What Is RDF
Editor's Note: "What Is RDF" was originally written by Tim Bray in 1998 and updated by Dan Brickley in 2001. Recently it seemed like time for another update, particularly to relate RDF and the Semantic Web to the cutting edge of web development. We've republished the original in a new location and offer the following update. I'll leave to you, dear reader, the task of deciding how well Joshua Tauberer has accomplished the task of updating a classic. -- Kendall Grant Clark
Building the Semantic Web
On the Semantic Web (SemWeb), computers do the browsing (and searching, and querying, and...) for us. The SemWeb enables computers to seek out knowledge distributed throughout the Web, mesh it, and then take action based on it. Take an analogy: the current web is a decentralized platform for distributed presentations, while the SemWeb is a decentralized platform for distributed knowledge. Resource Description Framework (RDF) is the W3C standard for encoding knowledge.
There, of course, is knowledge on the current web, but it's off limits to computers. Consider a Wikipedia page, which might convey a lot of information to the human reader, but to the computer displaying the page all it sees is presentation markup. To the extent that computers make sense of HTML, images, Flash, etc., it's almost always for the purpose of creating a presentation for the end user. The real content, the knowledge the files are conveying to the human, is opaque to the computer.
What is meant by "semantic" in Semantic Web is not that computers are going to understand the meaning of anything, but that the logical pieces of meaning can be mechanically manipulated by a machine to useful human ends.
So, now imagine a new web where the real content can be manipulated by computers. For now, picture it as a web of databases. One "semantic" website publishes a database about a product line, with products and descriptions, while another publishes a database of product reviews. A third site for a retailer publishes a database of products in stock. What standards would make it easier to write an application to mesh distributed databases together, so that a computer could use the three data sources together to help an end user make better purchasing decisions?
There's nothing stopping anyone from writing a program now to do those sorts of things, in just the same way that nothing stopped anyone from exchanging data before we had XML. But standards facilitate building applications, especially in a decentralized system. Here are some of the things we would want a standard about distributed knowledge to consider:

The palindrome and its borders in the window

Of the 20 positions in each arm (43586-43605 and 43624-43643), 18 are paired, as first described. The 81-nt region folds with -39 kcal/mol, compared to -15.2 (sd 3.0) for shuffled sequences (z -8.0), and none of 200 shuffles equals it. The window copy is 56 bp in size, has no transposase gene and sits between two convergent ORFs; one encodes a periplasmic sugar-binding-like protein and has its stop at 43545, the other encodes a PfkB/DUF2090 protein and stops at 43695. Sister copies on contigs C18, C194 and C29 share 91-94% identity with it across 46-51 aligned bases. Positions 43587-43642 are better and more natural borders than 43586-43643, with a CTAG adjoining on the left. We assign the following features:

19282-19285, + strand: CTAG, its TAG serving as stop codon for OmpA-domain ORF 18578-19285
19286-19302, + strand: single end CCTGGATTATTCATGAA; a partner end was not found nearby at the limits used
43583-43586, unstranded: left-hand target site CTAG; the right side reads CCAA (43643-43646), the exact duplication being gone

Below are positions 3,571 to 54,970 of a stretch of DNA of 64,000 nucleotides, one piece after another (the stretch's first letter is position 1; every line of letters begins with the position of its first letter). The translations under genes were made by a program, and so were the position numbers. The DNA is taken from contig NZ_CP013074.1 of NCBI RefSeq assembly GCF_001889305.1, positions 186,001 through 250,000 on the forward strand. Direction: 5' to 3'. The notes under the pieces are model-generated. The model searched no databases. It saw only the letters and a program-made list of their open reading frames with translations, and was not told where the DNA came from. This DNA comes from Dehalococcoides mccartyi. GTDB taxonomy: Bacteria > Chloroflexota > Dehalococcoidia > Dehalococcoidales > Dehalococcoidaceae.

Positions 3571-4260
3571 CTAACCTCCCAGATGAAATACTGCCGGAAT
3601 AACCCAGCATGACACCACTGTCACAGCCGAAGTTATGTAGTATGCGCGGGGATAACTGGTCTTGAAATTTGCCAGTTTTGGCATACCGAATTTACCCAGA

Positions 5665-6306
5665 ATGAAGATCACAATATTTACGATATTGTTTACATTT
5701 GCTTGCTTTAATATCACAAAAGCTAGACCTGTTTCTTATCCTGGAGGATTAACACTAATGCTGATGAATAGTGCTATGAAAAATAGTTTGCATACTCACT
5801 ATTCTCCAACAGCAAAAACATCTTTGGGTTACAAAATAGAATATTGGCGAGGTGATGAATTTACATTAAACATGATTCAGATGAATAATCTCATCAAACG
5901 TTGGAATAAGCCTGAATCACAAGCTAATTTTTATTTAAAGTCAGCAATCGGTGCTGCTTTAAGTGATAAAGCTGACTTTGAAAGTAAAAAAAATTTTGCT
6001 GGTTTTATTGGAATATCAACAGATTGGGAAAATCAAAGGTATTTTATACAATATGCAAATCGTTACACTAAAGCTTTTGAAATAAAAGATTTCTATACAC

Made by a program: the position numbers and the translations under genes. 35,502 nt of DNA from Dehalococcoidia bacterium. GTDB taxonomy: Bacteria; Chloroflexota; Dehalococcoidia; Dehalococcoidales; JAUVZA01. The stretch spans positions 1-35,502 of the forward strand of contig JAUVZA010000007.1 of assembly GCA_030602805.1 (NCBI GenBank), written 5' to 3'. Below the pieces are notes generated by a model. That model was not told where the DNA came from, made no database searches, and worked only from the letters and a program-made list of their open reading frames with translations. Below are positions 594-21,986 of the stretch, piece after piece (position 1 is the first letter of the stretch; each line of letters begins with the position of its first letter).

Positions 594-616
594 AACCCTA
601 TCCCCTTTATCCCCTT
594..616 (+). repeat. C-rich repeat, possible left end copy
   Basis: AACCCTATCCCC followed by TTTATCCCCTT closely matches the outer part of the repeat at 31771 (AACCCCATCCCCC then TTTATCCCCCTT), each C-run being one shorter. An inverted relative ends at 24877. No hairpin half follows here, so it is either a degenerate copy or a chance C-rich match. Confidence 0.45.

1. Files on the Semantic Web need to be able to express information flexibly. Life can't be neatly packed into tables, as in relational databases or hierarchies, as in XML. The information about movies and TV shows contained in the graph below is really best expressed as a graph (see Figure 1):
Figure 1. Knowledge as a graph
Of course, we can't be drawing our way through the Semantic Web, so instead we will need a tabular notation for these graphs that looks a bit like this:
|Start Node||Edge Label||End Node|
Each row of the table specifies an edge from one node in the graph to another. More on this later.
2. Files on the Semantic Web need to be able to relate to each other. A file about product prices posted by a vendor and a file with product reviews posted independently by a consumer need to have a way of indicating that they are talking about the same products. Just using product names isn't enough. Two products might exist in the world both called "The Super Duper 3000," and we want to eliminate ambiguity from the SemWeb so that computers can process the information with certainty. The SemWeb needs globally unique identifiers that can be assigned in a decentralized way.
3. We will use vocabularies for making assertions about things, but these vocabularies must be able to be mixed together. A vocabulary about TV shows developed by TV aficionados and a vocabulary about movies independently developed by movie connoisseurs must be able to be used together in the same file, to talk about the same things (e.g., to assert that an actor has appeared in both TV shows and movies).
These are the requirements that RDF provides a standard for, as we'll see in the next section. Before getting too abstract, here are actual RDF examples of the information from the graph above, first in the Notation 3 format, which closely follows the tabular encoding of the underlying graph:
@prefix rdf: <http://www.w3.org/1999/02/22-rdf-syntax-ns#> . @prefix ex: <http://www.example.org/> . ex:vincent_donofrio ex:starred_in ex:law_and_order_ci . ex:law_and_order_ci rdf:type ex:tv_show . ex:the_thirteenth_floor ex:similar_plot_as ex:the_matrix .
And in the standard RDF/XML format, which may have a more intuitive feel but tends to obscure the underlying graph:
<rdf:RDF xmlns:rdf="http://www.w3.org/1999/02/22-rdf-syntax-ns#" xmlns:ex="http://www.example.org/"> <rdf:Description rdf:about="http://www.example.org/vincent_donofrio"> <ex:starred_in> <ex:tv_show rdf:about="http://www.example.org/law_and_order_ci" /> </ex:starred_in> </rdf:Description> <rdf:Description rdf:about="http://www.example.org/the_thirteenth_floor"> <ex:similar_plot_as rdf:resource="http://www.example.org/the_matrix" /> </rdf:Description> </rdf:RDF>
RDF was originally created in 1999 as a standard on top of XML for encoding metadata--literally, data about data. Metadata is, of course, things like who authored a web page, what date a blog entry was published, etc., information that is in some sense secondary to some other content already on the regular web. Since then, and perhaps especially after the updated RDF spec in 2004, the scope of RDF has really evolved into something greater. The most exciting uses of RDF aren't in encoding information about web resources, but information about and relations between things in the real world: people, places, concepts, etc.